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This Was the Week in Video Games

'Destiny' is the game of the year, obviously, plus: the BBC is making a drama over 'GTA' and Nathan Drake's taking 2015 off.
March 13, 2015, 3:34pm


Let's get this one right out of the way: at the BAFTA Games Awards in London last night (the 12th of March), all-the-money sci-fi shooter Destiny emerged triumphant in the category of Best Game, meaning it's the most awesome thing to have come along for your console or computer since the last gaming BAFTAs gave the same gong to The Last of Us. Now, Destiny's fine, fun even with mates over headsets if you're into that sort of thing. But game of the year? The best of all the games released in the last 12 months? Oh shit no. No. Just no. Go home, BAFTA. You're wasted.

The titles the Activision-published zero-story FPS was up against were Monument Valley, Alien: Isolation, Mario Kart 8, Dragon Age: Inquisition and Middle-earth: Shadow of Mordor. If you stopped every ceremony attendee before they took their seat to ask what release would walk away with Best Game, you'd be looking at four, maybe five percent of respondents going with Destiny. And they probably work for its developer, Bungie.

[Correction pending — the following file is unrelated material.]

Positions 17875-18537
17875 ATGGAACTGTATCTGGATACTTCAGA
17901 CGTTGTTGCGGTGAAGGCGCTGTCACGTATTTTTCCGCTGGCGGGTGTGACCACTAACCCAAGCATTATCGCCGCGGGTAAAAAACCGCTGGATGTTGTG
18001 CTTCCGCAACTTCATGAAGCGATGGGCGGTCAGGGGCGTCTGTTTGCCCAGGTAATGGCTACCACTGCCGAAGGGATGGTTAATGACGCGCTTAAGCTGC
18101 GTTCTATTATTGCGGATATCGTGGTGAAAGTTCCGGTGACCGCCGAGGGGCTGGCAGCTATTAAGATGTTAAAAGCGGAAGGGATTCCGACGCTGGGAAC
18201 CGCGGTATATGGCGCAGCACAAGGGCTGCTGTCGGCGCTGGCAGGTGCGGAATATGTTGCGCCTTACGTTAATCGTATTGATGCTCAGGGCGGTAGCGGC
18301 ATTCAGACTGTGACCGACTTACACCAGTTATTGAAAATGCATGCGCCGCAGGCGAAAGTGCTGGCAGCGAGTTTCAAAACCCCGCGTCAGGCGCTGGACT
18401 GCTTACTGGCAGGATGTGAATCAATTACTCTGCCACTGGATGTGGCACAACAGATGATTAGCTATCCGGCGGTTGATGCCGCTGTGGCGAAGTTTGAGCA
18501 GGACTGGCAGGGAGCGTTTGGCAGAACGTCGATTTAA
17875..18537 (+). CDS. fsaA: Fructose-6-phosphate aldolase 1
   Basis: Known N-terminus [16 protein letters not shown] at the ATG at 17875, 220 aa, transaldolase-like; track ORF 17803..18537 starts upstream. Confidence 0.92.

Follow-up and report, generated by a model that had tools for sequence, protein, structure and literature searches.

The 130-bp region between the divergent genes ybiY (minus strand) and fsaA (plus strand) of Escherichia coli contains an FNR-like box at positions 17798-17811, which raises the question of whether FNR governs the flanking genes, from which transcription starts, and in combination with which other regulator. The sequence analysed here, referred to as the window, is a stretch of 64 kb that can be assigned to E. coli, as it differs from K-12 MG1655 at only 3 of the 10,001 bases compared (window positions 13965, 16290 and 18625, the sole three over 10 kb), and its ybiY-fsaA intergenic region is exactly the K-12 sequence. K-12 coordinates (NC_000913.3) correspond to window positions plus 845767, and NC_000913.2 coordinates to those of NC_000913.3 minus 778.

Which is not to say Destiny's bad. I am not saying that. I see its appeal. But it is the worst game of the shortlisted selection – a gloriously beautiful multiplayer affair that works, but offers nothing to surprise anyone who's played a game at any point of the last ten years, or more. It's as mechanically mundane as any new-gen game can be before we all give up on the industry ever progressing to more-than-just-guns experiences.

Whatcha saying, Twitter?

Bafta giving best game to Destiny is kind of like Avatar getting the best film Oscar. Being efficient isn't the same as taking risks.
— Robin Clarke (@rclarke) March 13, 2015

'And the BAFTA for best game goes to… Destiny!'
— David Scammell (@VG_Dave) March 12, 2015

How the fuck does Destiny win the BAFTA Game of the Year award? Does not compute
— Alessandro Barbosa (@CaptionBarbosa) March 12, 2015